Equal employment opportunity and diversity play a huge role in U.S. domestic human resources administration and employment law compliance. So it might seem that, when it comes to propagating workplace diversity globally, American multinationals enjoy a clear head start. But very different demographics abroad make this head start less advantageous than it may at first appear. Indeed, in some contexts overseas, too much experience with U.S. diversity initiatives might even be a drawback.
How, specifically, does a multinational drive equal employment opportunity (EEO) compliance and foster workplace diversity across jurisdictions? U.S. EEO and diversity tools were originally honed for the atypical, rarefied environment of U.S. discrimination, harassment, and diversity law and for the unique demographics of the United States. So they do not always work well abroad, at least not without significant retooling.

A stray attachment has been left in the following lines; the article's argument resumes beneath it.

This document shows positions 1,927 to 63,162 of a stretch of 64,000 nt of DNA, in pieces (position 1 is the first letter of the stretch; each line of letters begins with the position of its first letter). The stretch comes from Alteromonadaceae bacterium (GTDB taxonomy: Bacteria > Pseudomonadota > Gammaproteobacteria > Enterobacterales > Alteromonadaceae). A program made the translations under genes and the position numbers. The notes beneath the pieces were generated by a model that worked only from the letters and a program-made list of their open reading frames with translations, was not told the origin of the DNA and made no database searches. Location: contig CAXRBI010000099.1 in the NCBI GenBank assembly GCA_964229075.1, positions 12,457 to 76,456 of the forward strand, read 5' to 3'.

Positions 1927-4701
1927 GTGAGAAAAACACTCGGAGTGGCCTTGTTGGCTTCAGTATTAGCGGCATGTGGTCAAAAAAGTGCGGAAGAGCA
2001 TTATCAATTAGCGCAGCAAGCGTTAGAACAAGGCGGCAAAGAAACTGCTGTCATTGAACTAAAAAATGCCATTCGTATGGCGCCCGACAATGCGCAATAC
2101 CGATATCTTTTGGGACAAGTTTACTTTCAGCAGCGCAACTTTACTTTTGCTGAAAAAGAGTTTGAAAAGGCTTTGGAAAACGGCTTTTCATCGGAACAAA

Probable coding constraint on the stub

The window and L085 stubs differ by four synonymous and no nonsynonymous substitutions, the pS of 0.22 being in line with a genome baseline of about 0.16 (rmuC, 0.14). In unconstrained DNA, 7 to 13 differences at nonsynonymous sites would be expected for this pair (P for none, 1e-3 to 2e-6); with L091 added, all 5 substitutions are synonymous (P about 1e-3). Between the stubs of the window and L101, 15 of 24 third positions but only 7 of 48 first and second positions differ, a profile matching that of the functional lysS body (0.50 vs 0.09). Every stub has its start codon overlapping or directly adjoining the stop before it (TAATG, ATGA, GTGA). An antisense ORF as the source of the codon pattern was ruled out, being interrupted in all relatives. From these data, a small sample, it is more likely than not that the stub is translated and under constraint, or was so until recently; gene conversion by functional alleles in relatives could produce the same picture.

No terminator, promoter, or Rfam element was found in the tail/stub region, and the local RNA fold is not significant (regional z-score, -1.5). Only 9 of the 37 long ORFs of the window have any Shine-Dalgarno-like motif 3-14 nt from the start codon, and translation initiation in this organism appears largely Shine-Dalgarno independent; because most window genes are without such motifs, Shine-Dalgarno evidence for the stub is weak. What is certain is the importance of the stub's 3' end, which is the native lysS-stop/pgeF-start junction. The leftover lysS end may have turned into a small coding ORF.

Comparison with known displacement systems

Employers promoting diversity across borders must begin by confronting a tough but central question: What do we mean when we say we want “diversity?” Very different demographics and “core diversity dimensions” overseas mean that the answer will not be the same abroad as it is domestically within the United States.